I found the second half of the novel more engaging and think this was because Amir returns to Afghanistan. The changes that the country has undergone was difficult for Amir to accept, especially the scene in the stadium. This reminded me of ‘A Thousand Splendid Suns’ and wondered if Hosseini already had the story for her follow-up novel and made me a little wistful that ‘The Kite Runner’ was not proving as enjoyable.

The second half of the novel was certainly faster-paced and I was keen to see Amir return to safety. He finally confronts his childhood demons and by the end of the novel, readers assume that he has finally found that inner peace he had been searching for for so many years. The novel comes full circle and finishes with the kites and this charming ending reinforces the closure that Amir had desired.

I’m not sure whether I would re-visit this novel in a hurry, particularly as I found Hosseini’s other novel more enjoyable. That being said, I think it is worth looking at so you can make your own mind up. If this doesn’t tick all of your boxes but your are intrigued by the Afghanistan setting, then I believe you will get more satisfaction from reading ‘A Thousand Splendid Suns’.

A story within a story about a story‏

‘The Silent Tide’ Rachel Hore

3-star-rating

The Silent Tide - Rachel Hore

The Silent Tide – Rachel Hore

The new novel from best-selling author Rachel Hore, much loved for her stories in which past and present are grippingly entwined.When Emily Gordon, editor at a London publishing house, commissions an account of great English novelist Hugh Morton, she finds herself steering a tricky path between Morton’s formidable widow, Jacqueline, who’s determined to protect his secrets, and the biographer, charming and ambitious Joel Richards. But someone is sending Emily mysterious missives about Hugh Morton’s past and she discovers a buried story that simply has to be told…

One winter’s day in 1948, nineteen year old Isabel Barber arrives at her Aunt Penelope’s house in Earl’s Court having run away from home to follow her star. A chance meeting with an East European refugee poet leads to a job with his publisher, McKinnon & Holt, and a fascinating career beckons. But when she develops a close editorial relationship with charismatic young debut novelist Hugh Morton and the professional becomes passionately personal, not only are all her plans put to flight, but she finds herself in a struggle for her very survival.

Rachel Hore’s intriguing and suspenseful new novel magnificently evokes the milieux of London publishing past and present and connects the very different worlds of two young women, Emily and Isabel, who through their individual quests for truth, love and happiness become inextricably linked.

This is a decent read and one that ashamedly took me several months to read. Not through lack of enjoyment, I can assure you, and this does merit to Hore’s writing. I could quite easily pick up where I left off, even when considerable time had passed and did not feel I had lost a connection with the characters. However, I did find that by the time I was reaching the novel’s climax, I had forgotten the opening chapter and did need to skim it again to remind myself of how the story began.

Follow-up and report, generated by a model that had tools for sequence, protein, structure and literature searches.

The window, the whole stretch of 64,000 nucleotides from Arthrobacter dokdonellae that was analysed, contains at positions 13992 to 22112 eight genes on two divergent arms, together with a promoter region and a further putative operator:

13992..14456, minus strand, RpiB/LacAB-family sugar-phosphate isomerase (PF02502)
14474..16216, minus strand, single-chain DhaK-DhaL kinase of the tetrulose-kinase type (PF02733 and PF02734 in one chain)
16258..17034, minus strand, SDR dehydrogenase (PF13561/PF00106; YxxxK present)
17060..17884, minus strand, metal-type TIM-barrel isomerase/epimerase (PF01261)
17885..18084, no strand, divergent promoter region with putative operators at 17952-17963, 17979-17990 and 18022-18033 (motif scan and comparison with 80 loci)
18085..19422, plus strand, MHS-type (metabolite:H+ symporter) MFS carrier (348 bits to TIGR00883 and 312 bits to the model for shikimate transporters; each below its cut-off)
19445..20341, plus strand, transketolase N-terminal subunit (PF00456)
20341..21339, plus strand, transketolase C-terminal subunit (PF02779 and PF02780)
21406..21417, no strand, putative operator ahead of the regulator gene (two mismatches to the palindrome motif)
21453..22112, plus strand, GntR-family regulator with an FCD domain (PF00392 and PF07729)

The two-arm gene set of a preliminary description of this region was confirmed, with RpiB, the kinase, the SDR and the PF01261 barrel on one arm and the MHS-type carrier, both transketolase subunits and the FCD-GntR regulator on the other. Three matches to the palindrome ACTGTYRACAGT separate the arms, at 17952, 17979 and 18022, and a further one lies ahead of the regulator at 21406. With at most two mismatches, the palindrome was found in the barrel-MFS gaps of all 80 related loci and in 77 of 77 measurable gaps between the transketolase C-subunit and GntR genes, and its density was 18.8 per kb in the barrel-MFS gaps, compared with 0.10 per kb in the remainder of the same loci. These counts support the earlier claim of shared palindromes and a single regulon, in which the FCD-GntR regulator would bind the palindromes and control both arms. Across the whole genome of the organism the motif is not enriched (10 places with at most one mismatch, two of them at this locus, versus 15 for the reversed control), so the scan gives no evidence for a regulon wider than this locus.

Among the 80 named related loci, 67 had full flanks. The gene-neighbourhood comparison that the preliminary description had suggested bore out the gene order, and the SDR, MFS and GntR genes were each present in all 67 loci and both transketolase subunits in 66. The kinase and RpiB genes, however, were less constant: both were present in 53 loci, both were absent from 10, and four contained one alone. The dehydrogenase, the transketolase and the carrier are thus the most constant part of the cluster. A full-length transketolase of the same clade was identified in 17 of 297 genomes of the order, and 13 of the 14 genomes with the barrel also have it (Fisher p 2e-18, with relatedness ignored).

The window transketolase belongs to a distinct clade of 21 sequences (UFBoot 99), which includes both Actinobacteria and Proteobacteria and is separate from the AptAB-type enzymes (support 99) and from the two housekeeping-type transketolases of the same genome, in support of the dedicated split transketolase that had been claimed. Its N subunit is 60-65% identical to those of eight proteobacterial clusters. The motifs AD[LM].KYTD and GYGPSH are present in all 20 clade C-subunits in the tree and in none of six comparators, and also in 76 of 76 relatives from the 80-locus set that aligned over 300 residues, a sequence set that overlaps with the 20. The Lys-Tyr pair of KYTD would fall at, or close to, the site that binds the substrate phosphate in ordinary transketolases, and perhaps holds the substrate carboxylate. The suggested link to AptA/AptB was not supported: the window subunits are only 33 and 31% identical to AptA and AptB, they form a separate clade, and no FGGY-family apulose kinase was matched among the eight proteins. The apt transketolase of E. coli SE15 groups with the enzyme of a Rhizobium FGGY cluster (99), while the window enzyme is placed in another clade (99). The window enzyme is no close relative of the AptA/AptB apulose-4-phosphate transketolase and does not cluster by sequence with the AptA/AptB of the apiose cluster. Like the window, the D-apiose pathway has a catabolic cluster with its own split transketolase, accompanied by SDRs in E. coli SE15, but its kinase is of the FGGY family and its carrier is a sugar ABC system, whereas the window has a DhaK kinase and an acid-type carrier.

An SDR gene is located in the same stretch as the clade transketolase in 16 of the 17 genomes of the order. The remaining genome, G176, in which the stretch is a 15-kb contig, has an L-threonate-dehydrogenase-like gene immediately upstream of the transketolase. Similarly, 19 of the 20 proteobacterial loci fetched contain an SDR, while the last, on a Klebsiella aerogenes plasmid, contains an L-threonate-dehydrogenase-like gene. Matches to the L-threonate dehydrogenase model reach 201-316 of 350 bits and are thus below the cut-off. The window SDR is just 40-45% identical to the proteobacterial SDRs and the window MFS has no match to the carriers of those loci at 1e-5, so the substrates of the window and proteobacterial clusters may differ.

The Silent Tide follows two women working in the publishing industry – Isabel in the 1950s and present-day Emily. The parallels between the two women were not as striking as I initially expected and their main connection, Hugh Morton, becomes the fuel for the story. As Emily learns more about Isabel and her life, she becomes dedicated to ensuring that Isabel’s story is told in a new biography about Hugh Morton – Isabel’s eventual husband. There are plenty of twists and turns that keep Isabel’s story intriguing, but I found Emily a rather insipid and bland character who “got in the way” of me finding more about Isabel. As the novel progressed, I felt that Emily was a mere vehicle that allowed readers to explore Isabel’s life and became frustrated when the story returned to present-day. It was this that influenced me to rate this book three stars, rather than four.

Isabel’s character was particularly interesting throughout and I really enjoyed seeing her develop from a young girl who left home, to becoming a reputable editor. When her life makes a sudden change through her marriage and then pregnancy, we see how social expectations of the role of the woman in the home makes Isabel feel suffocated and isolated from her busy working life. The way Hore portrays Isabel’s emotions, both towards Hugh, her mother-in-law and post-pregnancy, were really convincing and I could feel Isabel’s frustrations towards the confinements of her new role and what is expected of her.

The novel’s closing chapters were unexpected and I enjoyed the twists and turns. It even made Emily redeem herself a bit more after her “bumbling” through the story. The Epilogue was brilliant and a great way for Hore to close The Silent Tide but I did found it a little “ploddy” in the story from the focus on Emily. That being said, it’s a harmless read and as I have demonstrated, one you can easily come back to after time has passed without having lost the thread of the story.